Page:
How does your child play this? Alone, with friends, with family? How did they discover it and what kept them coming back for more?
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You play a new arrival to an isolated village and must pay off your mortgage by collecting materials and selling them. It's a simple concept, but it offers you the freedom to play your own way - talk to the locals and get to know their stories, collect insects or even go fishing.
Play progresses with real-world time; seasons change, plants grow, and the island slowly evolves as you play. Special occasions, such as Christmas, Thanksgiving, and Easter all happen in the game, as well as events that occur more regularly like fitness classes and tournaments. This means that there's always something new to come back to, whether it's to water your plants, experience the first snow of winter, or catch that special fish that only appears at a certain time of day or maybe even only one day a year.
The result is a controllable fantasy escape, but one that's intimately connected to the ticking of the real-world clock. It's a place to visit for short bursts each day over the course of years.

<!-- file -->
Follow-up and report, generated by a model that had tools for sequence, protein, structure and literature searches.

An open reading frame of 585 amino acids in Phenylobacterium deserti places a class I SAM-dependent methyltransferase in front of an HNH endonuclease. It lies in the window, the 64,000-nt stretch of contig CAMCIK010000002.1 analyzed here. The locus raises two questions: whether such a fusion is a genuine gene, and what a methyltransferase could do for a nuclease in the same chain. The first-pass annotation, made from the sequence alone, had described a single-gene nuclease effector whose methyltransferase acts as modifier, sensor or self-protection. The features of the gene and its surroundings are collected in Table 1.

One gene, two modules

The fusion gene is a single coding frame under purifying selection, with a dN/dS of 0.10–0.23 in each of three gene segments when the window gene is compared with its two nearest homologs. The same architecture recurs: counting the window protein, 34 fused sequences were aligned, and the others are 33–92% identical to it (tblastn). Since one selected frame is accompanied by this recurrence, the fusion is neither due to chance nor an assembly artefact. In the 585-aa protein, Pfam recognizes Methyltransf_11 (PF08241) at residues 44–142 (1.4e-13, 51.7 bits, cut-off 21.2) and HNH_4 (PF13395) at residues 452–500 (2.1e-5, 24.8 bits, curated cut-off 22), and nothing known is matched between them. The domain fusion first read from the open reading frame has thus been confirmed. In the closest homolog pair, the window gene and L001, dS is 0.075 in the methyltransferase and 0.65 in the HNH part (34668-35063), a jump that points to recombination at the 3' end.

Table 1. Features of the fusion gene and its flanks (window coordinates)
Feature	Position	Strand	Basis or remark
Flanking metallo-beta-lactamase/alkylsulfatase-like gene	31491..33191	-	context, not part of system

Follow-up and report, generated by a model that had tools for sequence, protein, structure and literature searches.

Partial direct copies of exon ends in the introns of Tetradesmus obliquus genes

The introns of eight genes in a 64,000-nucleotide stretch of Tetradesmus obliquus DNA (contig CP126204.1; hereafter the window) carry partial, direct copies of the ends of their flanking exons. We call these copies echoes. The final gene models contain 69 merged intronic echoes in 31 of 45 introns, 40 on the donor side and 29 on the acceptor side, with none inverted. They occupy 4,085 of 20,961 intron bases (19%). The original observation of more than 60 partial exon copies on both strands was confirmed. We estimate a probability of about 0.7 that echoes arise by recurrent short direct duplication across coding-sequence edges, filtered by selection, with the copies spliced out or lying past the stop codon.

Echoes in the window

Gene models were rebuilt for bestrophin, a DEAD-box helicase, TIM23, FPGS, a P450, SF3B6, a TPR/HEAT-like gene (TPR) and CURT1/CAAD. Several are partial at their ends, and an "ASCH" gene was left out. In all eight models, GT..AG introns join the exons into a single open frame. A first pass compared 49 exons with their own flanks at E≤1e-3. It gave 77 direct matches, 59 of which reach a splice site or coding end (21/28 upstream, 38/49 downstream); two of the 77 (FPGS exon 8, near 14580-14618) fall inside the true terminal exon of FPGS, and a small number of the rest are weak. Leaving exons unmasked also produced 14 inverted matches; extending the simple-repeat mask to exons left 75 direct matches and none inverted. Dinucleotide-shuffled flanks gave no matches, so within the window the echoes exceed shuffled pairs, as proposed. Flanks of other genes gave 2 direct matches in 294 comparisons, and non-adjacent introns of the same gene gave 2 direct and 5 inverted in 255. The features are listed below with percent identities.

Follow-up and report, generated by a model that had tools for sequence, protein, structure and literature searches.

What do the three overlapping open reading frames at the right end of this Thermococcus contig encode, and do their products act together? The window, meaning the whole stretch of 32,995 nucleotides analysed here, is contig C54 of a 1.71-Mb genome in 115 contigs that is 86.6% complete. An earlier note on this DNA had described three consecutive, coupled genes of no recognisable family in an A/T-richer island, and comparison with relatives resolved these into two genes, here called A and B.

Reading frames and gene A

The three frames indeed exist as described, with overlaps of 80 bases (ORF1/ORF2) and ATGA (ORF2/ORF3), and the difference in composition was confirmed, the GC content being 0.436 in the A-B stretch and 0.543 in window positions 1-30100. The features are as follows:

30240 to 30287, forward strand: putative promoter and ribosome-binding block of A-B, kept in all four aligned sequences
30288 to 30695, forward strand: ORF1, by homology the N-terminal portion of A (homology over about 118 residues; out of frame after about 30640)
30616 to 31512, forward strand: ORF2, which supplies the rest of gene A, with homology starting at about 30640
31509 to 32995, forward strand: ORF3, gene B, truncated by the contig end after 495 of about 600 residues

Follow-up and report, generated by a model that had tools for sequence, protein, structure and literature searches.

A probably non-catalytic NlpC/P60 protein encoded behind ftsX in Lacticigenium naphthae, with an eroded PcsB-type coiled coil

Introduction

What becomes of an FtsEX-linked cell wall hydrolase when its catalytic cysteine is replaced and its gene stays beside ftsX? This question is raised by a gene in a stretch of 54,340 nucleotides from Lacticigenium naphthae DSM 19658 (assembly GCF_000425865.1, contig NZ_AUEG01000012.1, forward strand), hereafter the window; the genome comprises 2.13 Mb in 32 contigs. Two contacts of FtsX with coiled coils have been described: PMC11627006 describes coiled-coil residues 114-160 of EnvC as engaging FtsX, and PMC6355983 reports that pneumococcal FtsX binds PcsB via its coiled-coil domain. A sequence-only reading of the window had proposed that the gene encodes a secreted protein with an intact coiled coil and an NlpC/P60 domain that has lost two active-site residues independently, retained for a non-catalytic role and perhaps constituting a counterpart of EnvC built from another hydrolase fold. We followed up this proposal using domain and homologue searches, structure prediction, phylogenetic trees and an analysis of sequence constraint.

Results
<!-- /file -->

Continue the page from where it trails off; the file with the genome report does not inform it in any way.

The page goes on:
Our examiner, Jo Robertson, first checked Animal Crossing 5 months ago. It was re-examined by Andy Robertson and updated 12 weeks ago.
You can play this game in the following styles:
8+ year-olds usually have the required skill to enjoy this game. Although younger children can get around and play this, to really enjoy it you need to understand how the finances and relationships work. Collecting all the matching )or mismatching) furniture and every last insect also requires some resistance and persistence.
To access some features, such as an island where you can get new items, you need a Game Boy Advance and a link cable to connect it to your Gamecube.
Release Date: 14/12/2001, updated in 2004
Out Now: GameCube
Content Rating: PEGI 3
Skill Rating: 8+ year-olds
Accessibility: 24 features
Components: 2D Overhead, Day and Night, Open World, Persistant World, Pixels and Weather